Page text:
Skin and sun
A little bit of sun is good for your spirits, and your skin. But where some people used to recommend sunlamps as a treatment for acne, scientists now know that too much sun is not a good thing for any skin type or condition − and that includes acne-prone skin.
This article looks at how excessive and/or unprotected exposure to the sun’s rays can exacerbate the causes and triggers of acne and make matters worse rather than better. And it explains how you can enjoy the sun and care for your blemish-prone skin at the same time, even if you are undergoing medical acne treatment.
الآثار الإيجابية لنور الشمس
Sunlight in moderation is good for our bodies and our minds. It’s an important source of Vitamin D which is essential for many of the vital processes in our body such as the development of healthy bones. You can find out more in How UVA, UVB and HEV Light rays affect skin.
The sun’s rays can lift our mood too. Our body’s ability to produce serotonin (often called the `happy hormone`) is directly affected by sunlight and research has shown that a lack of sunlight can lead to Seasonal Affective Disorder (or S.A.D.) where people get depressed.
Warm temperatures also stimulate circulation and perspiration, and increased perspiration, when well managed, can help to bring excess oil to the skin’s surface and clear pores. Find out how in Acne and sport.
Some people with acne and/or blemish-prone skin report that their skin condition improves when they enjoy a little bit of sun. Living with acne can be stressful, so if a little bit of sun makes you happy about yourself and your skin then that’s a good thing. You can read more about the psychological impact of living with acne.
الآثار السلبية للشمس
We’re all individuals, and our skin is as different as we are, so what works for one, doesn’t necessarily work for the next. For every acne patient who says their skin improves in the sun you’ll meet another who says their skin condition in worse during the warmer months. There are a number of possible reasons for this:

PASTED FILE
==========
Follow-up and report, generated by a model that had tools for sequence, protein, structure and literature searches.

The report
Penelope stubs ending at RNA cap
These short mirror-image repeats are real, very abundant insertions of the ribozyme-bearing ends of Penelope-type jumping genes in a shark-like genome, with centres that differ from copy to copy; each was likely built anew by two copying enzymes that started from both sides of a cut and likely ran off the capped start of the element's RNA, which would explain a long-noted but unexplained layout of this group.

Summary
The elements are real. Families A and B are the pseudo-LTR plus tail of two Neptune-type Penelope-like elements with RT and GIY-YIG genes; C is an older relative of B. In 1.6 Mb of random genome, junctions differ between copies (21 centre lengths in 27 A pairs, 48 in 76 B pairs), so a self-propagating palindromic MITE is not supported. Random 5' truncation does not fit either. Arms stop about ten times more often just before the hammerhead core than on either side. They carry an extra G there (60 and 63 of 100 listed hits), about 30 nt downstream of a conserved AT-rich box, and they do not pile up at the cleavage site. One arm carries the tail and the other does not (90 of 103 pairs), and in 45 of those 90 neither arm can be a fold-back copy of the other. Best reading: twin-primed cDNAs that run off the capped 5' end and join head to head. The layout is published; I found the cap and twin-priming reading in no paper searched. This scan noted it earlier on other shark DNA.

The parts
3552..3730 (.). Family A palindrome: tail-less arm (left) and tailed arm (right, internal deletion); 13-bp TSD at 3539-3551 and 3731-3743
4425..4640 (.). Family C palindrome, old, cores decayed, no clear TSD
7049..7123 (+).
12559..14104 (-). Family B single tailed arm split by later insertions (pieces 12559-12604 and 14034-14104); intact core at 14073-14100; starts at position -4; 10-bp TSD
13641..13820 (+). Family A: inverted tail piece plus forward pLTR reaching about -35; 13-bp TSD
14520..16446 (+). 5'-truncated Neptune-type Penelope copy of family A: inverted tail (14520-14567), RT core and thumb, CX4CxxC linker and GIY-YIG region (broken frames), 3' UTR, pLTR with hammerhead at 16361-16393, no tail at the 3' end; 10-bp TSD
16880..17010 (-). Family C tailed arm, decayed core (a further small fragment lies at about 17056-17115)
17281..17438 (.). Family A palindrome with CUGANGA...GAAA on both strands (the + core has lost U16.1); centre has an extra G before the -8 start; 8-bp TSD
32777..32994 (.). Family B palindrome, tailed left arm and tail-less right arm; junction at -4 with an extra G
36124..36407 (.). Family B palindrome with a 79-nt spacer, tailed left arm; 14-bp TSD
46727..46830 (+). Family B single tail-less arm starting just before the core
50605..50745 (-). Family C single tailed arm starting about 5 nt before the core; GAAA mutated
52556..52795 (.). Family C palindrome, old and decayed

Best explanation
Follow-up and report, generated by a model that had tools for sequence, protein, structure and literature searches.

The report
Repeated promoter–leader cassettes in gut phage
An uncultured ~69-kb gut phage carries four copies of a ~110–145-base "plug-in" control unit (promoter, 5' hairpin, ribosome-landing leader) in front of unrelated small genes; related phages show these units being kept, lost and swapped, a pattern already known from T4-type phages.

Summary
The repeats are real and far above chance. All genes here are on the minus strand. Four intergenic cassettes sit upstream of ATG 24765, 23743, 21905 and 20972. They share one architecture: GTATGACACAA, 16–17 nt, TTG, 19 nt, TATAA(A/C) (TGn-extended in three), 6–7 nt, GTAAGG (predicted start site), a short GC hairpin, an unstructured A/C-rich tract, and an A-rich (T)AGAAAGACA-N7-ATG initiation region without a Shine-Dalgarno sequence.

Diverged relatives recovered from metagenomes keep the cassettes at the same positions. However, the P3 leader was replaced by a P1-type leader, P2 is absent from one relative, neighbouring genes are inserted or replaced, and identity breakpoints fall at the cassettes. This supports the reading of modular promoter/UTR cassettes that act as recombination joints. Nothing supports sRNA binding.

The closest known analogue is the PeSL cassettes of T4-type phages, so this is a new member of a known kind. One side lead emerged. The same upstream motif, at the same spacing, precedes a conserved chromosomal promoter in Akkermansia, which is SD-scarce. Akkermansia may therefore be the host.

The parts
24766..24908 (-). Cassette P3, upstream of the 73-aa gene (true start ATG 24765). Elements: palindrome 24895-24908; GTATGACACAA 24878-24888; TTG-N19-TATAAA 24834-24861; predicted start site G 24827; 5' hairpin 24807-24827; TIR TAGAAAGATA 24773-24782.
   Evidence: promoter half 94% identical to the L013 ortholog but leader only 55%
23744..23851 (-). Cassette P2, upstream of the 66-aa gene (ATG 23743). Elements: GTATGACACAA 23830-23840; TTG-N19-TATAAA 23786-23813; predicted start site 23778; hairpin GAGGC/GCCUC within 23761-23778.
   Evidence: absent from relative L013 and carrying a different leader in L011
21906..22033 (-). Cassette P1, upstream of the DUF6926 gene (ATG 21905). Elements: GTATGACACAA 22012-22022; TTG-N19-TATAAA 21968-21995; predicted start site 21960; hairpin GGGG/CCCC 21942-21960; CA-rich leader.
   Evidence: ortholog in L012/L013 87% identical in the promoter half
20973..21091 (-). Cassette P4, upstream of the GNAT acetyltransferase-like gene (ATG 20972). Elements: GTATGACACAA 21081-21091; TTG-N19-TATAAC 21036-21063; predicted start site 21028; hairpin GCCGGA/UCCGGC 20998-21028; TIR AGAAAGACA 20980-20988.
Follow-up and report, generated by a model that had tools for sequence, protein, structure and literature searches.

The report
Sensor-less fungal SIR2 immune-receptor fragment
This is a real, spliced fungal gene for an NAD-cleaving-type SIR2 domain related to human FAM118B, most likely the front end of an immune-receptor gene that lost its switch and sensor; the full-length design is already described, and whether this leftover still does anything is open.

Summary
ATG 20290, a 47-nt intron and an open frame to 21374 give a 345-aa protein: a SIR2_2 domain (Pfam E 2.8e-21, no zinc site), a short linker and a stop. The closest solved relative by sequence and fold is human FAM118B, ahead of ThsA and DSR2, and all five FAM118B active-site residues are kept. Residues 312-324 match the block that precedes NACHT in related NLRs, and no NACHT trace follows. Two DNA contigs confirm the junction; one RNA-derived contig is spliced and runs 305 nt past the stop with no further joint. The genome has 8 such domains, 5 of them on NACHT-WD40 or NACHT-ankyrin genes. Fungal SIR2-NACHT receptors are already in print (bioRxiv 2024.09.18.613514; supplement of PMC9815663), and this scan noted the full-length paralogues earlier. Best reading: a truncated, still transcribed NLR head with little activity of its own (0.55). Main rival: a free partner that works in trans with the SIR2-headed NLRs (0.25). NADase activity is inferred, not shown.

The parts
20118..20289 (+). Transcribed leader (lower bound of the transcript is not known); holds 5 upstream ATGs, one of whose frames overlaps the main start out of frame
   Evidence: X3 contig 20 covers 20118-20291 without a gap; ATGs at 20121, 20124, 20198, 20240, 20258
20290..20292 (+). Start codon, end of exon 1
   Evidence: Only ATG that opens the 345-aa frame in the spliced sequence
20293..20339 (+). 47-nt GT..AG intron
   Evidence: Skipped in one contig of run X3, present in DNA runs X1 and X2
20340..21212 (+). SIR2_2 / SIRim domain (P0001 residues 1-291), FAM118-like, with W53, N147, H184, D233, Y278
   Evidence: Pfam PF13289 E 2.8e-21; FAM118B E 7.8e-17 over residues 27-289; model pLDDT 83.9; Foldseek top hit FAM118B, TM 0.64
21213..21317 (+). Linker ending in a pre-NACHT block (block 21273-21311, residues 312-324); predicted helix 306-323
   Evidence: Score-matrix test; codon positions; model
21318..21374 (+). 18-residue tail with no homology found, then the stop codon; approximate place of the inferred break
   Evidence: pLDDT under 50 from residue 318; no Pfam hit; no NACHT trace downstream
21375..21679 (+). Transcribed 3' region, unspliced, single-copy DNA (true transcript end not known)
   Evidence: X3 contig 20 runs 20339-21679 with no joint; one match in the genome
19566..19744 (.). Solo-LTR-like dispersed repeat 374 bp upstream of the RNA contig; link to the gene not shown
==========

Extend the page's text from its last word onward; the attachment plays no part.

- The sun causes skin to dry out and even oily skin (excess oil production typifies acne-prone skin) needs moisture. When over exposure to the sun dries skin out, the sebaceous glands (which produce the sebum that gives skin the oils it needs) go into overdrive and this excess sebum production − known as seborrhea − is one of the key stages in the formation of blemishes.
- Another result of skin drying out is that it cornifys or keritanises. This means that skin cells on the surface harden. This interferes with the natural process by which dead skin cells are shed and prevents sebum from being able to drain from the pores. Comedones develop as a result.
- Sweat production increases in warm weather, as does the rate at which it degrades on skin’s surface. This creates an environment in which P.acnes - the bacteria associated with acne - can thrive and spread.
You can find out more about how each of these processes contribute to the formation and spread of blemishes in the development of acne.
- Sunlight can also trigger a particular variety of acne known as Acne Aestivalis (or, more commonly, as Mallorcan Acne). This happens when UVA rays combine with the chemicals in certain skincare and sun protection products and trigger an allergic reaction. Acne Aestivalis mostly effects women between 25 and 40, many of whom had a history of acne in puberty and you can read more about it in the different types of acne.
- Excessive sun exposure and/or inappropriate sun protection can also cause pigmentation issues and people with acne blemishes or acne scars are particularly prone to hyperpigmentation. You can find out more in Acne and hyperpigmentation.
- And, as we all know, the sun presents other risks for all skin types - not just for those with acne-prone skin. These include sunburn (and, ultimately, cancer), sun allergies (such as Polymorphic Light Eruption or PLE for short) and premature ageing1. You can read more about these in How UVA, UVB and HEV Light rays affect skin.